The report, “Groundswell — Preparing for Internal Climate Migration”, released on Monday, finds that unless urgent climate and development action is taken globally and nationally, the three regions — Sub-Saharan Africa, South Asia and Latin America — together could be dealing with tens of millions of internal climate migrants by 2050.

World can witness migration of many due to climate change. VOA
World can witness migration of many due to climate change. VOA

These people will be forced to move from increasingly non-viable areas of their countries due to growing problems like water scarcity, crop failure, sea-level rise and storm surges.

The “climate migrants” would be an addition to the millions of people already moving within their countries for economic, social, political or other reasons, the report warns. The exodus could create a looming humanitarian crisis and will threaten the development process.

Also Read: Climate change driving dramatic rise in sea levels: NASA

However, with concerted actions — including global efforts to cut greenhouse gas emissions and robust development planning at the country level — this scenario could be dramatically reduced by up to 80 per cent or more than 100 million people.

The report is the first and most comprehensive study of its kind to focus on the nexus between slow-onset climate change impacts, internal migration patterns and, development in these three developing regions of the world.

World Bank Chief Executive Officer Kristalina Georgieva said the new research provides a wake-up call to countries and development institutions. “We have a small window now, before the effects of climate change deepen, to prepare the ground for this new reality,” Georgieva said.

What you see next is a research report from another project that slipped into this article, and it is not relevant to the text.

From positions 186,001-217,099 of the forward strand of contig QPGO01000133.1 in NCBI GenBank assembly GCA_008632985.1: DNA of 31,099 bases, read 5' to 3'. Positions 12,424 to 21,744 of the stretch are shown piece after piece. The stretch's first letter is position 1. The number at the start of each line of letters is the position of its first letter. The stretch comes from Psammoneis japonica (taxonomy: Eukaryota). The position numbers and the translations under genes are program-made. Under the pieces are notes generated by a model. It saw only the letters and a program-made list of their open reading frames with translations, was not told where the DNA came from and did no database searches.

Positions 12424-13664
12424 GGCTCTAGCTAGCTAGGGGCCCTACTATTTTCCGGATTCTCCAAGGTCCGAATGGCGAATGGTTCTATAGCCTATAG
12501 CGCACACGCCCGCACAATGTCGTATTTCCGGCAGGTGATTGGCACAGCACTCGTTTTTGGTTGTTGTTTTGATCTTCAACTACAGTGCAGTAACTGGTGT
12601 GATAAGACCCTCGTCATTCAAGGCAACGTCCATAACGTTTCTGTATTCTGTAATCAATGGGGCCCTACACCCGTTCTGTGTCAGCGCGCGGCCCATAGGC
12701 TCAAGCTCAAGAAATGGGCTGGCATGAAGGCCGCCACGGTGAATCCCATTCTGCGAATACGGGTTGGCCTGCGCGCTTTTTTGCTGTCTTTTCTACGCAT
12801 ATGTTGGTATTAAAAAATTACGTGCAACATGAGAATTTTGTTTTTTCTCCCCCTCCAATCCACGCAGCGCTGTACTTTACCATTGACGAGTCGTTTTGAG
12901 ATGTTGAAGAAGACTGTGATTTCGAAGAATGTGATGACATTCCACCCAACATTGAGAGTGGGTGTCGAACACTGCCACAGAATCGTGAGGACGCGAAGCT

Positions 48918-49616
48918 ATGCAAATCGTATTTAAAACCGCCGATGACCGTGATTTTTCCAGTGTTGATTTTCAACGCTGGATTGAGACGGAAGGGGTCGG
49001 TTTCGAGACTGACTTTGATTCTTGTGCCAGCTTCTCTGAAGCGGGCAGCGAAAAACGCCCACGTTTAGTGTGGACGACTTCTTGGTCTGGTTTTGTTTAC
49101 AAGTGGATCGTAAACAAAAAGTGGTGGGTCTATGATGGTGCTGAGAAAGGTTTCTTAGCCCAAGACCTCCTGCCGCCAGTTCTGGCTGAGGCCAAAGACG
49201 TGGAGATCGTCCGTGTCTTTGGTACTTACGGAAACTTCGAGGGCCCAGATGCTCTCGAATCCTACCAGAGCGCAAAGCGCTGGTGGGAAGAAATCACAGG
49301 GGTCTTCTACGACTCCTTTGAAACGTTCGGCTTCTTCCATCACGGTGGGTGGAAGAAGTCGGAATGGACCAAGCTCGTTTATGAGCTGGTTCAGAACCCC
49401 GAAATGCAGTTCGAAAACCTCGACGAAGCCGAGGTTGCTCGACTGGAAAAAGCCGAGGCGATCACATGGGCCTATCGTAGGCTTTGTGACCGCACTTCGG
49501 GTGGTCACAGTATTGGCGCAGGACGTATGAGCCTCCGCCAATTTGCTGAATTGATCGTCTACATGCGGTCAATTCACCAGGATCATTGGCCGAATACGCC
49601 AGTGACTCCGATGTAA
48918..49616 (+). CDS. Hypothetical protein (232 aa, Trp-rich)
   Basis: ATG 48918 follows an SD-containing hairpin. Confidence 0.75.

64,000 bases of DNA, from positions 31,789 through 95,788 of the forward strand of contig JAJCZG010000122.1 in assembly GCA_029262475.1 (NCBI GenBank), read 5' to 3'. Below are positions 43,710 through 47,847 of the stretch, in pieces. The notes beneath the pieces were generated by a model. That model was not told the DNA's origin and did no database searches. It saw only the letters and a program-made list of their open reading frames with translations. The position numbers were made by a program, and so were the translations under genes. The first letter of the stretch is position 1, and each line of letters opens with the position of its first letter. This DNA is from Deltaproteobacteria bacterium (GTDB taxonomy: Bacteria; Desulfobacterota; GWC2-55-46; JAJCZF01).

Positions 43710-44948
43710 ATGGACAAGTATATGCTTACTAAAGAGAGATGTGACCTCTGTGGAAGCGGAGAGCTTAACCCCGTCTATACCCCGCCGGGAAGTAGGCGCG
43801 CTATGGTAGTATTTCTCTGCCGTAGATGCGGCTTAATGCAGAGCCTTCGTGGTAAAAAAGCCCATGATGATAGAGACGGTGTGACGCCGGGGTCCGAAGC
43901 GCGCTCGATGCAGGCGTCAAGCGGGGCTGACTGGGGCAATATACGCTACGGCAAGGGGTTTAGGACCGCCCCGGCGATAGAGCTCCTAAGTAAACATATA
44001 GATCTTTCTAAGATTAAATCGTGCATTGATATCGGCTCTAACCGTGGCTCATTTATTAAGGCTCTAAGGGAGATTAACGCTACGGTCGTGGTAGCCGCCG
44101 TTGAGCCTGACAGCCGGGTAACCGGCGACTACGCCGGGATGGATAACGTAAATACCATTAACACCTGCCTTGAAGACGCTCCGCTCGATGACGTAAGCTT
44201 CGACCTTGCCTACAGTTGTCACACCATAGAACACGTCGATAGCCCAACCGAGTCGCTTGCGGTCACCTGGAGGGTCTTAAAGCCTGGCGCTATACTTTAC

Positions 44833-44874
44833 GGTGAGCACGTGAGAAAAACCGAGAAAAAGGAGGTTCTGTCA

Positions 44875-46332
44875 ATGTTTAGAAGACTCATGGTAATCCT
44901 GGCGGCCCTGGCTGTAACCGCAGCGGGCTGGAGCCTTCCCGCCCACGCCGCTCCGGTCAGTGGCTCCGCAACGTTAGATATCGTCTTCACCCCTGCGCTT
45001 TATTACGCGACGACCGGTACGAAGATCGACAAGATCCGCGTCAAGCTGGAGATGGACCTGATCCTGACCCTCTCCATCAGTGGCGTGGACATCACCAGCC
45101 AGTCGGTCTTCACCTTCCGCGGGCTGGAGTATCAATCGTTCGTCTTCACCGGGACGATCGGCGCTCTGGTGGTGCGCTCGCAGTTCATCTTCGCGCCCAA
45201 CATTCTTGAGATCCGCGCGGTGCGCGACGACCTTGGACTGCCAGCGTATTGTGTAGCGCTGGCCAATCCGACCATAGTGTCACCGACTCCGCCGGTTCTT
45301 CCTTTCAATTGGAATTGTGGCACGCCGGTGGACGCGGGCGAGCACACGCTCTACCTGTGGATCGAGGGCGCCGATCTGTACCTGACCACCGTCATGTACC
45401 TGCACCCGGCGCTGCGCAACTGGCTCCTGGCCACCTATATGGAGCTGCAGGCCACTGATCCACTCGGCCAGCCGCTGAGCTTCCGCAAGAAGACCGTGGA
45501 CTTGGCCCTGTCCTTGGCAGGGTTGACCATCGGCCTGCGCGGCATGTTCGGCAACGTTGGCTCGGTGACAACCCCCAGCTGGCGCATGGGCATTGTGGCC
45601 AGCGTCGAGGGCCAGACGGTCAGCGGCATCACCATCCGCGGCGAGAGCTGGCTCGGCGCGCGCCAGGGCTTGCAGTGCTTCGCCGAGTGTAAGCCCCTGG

It is important to control climate change now.

“Steps cities take to cope with the upward trend of arrivals from rural areas and to improve opportunities for education, training and jobs will pay long-term dividends. It’s also important to help people make good decisions about whether to stay where they are or move to new locations where they are less vulnerable.”

The research team, led by World Bank Lead Environmental Specialist Kanta Kumari Rigaud, include researchers and modellers from CIESIN Columbia University, CUNY Institute of Demographic Research, and the Potsdam Institute for Climate Impact Research.

Also Read: Maharashtra’s climate action plan yielded disappointments

They applied a multi-dimensional modelling approach to estimate the potential scale of internal climate migration across the three regions. They looked at three potential climate change and development scenarios, comparing the most “pessimistic” (high greenhouse gas emissions and unequal development paths), to “climate-friendly” and “more inclusive development” scenarios in which climate and national development action increases in line with the challenge. Across each scenario, they applied demographic, socio-economic and climate impact data at a 14 sq.km grid-cell level to model likely shifts in population within countries.

This approach identified major “hotspots” of climate in- and out-migration – areas from which people are expected to move and urban, peri-urban and rural areas to which people will try to move to build new lives and livelihoods. “Without the right planning and support, people migrating from rural areas into cities could be facing new and even more dangerous risks,” the report added. IANS